Monday, December 29, 2008

What are you reading?

Post-Christmas, I'm deep into Annette Gordon-Reed's enormous Pulitzer-Prize winning study The Hemingses of Monticello. No one in my circle took seriously my suggestion that I really wanted a book called The Ascent of Money by Niall Ferguson. And after the death of Conor Cruise O'Brien, I was dismayed to discover the generally magnificent Toronto Public Library system is unable to come up with a single loanable copy of O'Brien's Memoir from the late 1990s.

It seems this Christmas Canadian histories were pretty slim on my own wish list, either because I kept up with them during the year or ... because it was not a terrifically interesting fall, maybe? The one Canadian title I'm still thinking of is actually a novel. I usually read novels as novels and take no great interest in the historical novel per se, but Kenneth Harvey's Newfoundland-in-a-novel Blackstrap Hawco intrigues me.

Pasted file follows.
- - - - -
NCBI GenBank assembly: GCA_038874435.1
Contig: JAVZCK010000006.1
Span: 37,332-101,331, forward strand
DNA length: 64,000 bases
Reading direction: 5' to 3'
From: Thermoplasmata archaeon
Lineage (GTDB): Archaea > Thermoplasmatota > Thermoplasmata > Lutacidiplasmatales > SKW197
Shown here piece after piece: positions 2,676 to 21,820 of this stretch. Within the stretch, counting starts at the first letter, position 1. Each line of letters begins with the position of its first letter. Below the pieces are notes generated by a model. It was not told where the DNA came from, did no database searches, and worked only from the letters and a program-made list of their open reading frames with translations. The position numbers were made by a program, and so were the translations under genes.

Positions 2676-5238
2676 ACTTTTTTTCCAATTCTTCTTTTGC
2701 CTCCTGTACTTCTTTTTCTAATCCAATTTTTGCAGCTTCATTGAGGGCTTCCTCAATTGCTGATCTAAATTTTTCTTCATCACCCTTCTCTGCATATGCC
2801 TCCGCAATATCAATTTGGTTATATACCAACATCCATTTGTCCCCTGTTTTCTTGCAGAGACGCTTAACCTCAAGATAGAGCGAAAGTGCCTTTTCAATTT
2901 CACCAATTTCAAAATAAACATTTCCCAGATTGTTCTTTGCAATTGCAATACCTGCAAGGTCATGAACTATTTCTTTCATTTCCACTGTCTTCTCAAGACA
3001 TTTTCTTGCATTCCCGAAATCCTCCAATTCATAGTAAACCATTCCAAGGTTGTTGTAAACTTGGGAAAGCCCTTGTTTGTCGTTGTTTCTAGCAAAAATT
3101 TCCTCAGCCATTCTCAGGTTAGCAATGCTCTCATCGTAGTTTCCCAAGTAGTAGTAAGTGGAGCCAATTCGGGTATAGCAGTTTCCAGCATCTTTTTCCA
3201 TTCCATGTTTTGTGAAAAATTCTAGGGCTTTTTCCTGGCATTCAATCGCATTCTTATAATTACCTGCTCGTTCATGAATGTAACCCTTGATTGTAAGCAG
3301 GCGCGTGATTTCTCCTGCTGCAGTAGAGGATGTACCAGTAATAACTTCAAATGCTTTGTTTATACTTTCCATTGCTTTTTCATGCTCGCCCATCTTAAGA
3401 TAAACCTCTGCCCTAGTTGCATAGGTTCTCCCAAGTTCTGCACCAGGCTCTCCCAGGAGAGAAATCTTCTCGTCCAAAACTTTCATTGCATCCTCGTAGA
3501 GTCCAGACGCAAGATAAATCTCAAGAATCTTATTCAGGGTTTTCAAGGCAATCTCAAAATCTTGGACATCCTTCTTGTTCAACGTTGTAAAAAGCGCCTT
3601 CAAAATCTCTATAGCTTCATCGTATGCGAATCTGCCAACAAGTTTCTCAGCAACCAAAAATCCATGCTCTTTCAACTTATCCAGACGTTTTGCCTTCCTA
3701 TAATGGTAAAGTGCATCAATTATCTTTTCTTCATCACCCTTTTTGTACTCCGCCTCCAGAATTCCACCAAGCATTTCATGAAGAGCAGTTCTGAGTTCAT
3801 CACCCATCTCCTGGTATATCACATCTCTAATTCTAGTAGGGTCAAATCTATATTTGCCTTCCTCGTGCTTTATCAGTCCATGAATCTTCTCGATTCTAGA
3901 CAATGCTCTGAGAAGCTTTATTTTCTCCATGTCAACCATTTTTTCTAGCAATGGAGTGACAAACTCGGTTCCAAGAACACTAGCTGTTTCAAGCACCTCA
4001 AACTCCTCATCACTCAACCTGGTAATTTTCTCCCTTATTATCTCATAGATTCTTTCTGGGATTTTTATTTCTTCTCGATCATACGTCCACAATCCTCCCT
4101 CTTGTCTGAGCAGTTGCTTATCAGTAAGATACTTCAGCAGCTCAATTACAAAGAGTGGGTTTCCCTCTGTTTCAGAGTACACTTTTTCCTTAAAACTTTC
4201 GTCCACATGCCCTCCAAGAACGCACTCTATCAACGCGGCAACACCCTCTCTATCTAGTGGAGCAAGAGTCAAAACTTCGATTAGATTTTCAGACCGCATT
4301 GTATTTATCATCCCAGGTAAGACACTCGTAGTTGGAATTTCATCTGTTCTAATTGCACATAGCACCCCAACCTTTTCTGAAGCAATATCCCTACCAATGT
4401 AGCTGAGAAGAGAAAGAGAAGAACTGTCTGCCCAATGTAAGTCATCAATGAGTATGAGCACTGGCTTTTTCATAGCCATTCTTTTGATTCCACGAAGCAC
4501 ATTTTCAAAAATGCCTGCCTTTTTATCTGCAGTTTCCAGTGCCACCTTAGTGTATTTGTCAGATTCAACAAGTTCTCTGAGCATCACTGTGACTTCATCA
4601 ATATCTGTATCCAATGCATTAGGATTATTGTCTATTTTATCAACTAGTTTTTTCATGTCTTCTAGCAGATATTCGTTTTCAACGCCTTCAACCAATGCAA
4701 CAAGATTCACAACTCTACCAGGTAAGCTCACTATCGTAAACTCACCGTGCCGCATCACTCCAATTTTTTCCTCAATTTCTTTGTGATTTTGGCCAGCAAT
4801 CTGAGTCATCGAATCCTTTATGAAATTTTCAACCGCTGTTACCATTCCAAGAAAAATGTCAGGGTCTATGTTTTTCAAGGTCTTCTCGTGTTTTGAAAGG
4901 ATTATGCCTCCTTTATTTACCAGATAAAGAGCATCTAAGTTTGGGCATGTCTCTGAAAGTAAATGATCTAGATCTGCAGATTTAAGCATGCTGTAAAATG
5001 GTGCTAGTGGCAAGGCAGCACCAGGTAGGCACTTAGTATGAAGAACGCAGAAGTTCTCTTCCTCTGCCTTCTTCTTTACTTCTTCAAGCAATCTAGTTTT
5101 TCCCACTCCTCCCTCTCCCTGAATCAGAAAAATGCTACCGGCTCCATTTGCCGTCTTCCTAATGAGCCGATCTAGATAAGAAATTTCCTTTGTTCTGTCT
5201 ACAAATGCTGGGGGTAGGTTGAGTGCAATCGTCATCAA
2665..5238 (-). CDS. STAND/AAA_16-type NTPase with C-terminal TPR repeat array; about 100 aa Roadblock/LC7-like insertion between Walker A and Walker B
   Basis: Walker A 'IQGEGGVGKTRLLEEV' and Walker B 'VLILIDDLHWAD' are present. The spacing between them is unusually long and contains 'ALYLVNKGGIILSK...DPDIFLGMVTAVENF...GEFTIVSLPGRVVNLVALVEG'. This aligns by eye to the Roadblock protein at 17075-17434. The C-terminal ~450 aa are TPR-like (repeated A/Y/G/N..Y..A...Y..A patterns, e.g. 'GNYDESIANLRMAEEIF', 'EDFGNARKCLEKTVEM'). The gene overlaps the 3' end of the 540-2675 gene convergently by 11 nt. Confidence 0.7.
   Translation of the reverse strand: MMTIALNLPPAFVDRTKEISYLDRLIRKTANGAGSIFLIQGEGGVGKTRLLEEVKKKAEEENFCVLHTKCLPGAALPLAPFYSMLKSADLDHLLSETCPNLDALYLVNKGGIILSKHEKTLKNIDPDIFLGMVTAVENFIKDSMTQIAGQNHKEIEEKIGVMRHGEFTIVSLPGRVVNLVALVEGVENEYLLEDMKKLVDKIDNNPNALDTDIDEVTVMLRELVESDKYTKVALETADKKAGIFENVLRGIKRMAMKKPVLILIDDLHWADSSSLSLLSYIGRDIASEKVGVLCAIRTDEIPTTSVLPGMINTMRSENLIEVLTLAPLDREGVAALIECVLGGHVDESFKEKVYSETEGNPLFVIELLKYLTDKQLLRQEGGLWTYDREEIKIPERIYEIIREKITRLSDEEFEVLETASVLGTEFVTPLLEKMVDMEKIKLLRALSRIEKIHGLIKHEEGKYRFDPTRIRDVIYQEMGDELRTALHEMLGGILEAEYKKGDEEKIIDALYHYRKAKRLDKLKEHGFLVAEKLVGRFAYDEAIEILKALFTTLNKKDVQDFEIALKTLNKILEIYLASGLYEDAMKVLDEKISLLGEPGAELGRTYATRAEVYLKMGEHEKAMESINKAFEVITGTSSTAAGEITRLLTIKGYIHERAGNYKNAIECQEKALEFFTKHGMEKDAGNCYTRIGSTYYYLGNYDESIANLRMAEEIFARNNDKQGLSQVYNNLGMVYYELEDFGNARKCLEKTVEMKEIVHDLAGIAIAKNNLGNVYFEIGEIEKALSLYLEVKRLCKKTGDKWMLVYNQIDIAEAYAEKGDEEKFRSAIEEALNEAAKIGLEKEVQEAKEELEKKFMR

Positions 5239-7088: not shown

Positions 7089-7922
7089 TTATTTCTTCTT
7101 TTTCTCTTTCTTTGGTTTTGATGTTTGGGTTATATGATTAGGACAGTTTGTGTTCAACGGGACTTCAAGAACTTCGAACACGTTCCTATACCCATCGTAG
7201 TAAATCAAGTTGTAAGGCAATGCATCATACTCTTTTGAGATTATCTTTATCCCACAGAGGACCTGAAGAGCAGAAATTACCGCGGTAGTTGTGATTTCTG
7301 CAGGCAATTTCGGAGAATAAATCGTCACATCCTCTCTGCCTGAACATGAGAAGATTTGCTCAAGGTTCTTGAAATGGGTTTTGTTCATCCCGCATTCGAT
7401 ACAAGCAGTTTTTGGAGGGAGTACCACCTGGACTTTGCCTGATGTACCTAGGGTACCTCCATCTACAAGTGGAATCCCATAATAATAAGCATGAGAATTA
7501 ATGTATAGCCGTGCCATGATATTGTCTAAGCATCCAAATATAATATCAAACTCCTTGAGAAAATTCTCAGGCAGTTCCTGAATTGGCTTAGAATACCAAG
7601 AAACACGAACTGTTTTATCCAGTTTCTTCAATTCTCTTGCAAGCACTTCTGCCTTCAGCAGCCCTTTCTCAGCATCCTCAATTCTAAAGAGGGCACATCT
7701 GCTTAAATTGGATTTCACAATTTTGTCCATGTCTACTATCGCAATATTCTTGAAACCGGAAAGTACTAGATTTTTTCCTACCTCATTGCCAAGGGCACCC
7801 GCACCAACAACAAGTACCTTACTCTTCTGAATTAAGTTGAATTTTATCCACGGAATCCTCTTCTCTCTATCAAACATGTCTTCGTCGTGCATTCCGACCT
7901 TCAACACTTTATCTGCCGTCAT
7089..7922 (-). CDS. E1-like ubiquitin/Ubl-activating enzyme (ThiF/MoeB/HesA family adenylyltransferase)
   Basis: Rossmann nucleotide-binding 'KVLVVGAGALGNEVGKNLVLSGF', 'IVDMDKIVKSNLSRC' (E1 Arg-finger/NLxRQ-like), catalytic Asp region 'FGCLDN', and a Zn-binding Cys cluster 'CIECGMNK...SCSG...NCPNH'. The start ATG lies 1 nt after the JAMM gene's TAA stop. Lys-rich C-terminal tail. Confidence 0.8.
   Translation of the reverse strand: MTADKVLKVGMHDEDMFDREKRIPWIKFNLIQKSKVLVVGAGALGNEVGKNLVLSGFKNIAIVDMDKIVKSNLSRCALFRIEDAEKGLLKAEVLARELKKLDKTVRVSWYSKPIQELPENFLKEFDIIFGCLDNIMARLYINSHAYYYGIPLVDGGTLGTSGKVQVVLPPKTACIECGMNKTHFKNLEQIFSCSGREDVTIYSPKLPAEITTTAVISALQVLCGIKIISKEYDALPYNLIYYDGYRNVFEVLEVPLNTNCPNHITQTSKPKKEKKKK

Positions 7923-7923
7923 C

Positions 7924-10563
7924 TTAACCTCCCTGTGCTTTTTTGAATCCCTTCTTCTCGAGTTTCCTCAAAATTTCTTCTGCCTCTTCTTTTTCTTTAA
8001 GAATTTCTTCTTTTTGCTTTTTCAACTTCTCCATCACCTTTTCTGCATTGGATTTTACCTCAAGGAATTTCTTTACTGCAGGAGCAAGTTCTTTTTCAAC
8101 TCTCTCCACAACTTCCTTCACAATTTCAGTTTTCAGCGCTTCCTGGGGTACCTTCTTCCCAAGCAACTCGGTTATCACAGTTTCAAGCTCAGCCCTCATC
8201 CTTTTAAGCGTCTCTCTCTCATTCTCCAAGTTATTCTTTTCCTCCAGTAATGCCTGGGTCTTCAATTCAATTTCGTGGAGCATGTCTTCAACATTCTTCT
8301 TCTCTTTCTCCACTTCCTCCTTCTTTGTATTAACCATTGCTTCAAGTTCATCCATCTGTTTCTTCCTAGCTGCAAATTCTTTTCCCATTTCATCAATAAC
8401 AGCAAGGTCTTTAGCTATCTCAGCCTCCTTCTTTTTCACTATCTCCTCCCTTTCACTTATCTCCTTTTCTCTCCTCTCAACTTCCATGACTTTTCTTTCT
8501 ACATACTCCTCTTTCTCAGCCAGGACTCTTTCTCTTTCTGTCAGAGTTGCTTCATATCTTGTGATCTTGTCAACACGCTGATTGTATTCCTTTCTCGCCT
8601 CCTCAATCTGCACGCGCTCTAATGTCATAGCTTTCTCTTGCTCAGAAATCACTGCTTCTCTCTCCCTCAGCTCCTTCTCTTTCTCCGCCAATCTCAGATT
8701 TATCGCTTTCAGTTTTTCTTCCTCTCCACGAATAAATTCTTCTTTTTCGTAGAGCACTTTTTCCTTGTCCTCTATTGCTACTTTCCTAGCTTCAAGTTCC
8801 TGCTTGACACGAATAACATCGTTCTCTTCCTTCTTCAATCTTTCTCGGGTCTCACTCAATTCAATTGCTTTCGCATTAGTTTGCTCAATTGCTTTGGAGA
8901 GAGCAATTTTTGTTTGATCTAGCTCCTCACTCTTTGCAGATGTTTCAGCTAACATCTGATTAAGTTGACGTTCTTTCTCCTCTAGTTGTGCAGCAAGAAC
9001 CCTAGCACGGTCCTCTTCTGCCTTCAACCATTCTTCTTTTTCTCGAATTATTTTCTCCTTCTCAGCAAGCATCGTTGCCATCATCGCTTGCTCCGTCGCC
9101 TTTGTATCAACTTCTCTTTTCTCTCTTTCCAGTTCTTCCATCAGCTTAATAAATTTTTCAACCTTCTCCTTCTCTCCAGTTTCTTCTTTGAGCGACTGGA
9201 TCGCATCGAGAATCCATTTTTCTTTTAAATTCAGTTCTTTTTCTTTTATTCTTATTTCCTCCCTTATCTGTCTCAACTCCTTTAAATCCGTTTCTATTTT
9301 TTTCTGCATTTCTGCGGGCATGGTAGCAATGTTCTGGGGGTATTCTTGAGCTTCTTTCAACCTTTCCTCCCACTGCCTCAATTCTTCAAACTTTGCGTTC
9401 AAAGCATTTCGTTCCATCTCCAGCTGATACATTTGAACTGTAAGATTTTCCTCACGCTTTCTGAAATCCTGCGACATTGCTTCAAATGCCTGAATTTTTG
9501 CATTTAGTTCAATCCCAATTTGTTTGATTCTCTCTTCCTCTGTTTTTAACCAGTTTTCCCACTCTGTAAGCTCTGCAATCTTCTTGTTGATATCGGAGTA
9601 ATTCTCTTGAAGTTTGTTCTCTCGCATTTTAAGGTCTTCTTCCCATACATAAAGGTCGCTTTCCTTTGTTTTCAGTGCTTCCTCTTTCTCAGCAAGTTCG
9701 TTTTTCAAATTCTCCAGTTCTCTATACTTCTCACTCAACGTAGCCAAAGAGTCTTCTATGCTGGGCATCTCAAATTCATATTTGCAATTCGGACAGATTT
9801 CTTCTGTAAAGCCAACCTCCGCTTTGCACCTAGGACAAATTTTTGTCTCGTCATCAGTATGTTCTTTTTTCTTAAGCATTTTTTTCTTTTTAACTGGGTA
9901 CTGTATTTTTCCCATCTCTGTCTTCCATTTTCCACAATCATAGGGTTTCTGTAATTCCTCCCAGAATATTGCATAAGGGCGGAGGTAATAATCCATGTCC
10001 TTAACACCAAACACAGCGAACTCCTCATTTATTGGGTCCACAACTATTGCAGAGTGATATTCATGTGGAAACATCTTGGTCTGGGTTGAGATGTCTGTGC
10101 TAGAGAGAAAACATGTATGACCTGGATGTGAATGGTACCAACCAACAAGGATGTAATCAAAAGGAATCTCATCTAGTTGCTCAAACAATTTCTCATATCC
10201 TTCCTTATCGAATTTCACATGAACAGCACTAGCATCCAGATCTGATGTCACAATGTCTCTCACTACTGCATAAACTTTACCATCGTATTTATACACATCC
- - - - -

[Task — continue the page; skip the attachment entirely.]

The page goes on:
From Geoffrey Robertson's The Tyrannicide Brief and Adam Tomkins' Our Republican Constitution, I've developed or redeveloped an interest in the English Civil Wars, not so much for the social-revolution themes that were all the rage among English historians in my youth, but for the more traditional political-constitutional issues that were so largely at stake. The Plot Against Pepys by James and Ben Long seems to be just one in a series of substantial books that British historians continue to disgorge on that period. Now I see the extraordinary Trinidadian writer C.L.R James also took an interest.
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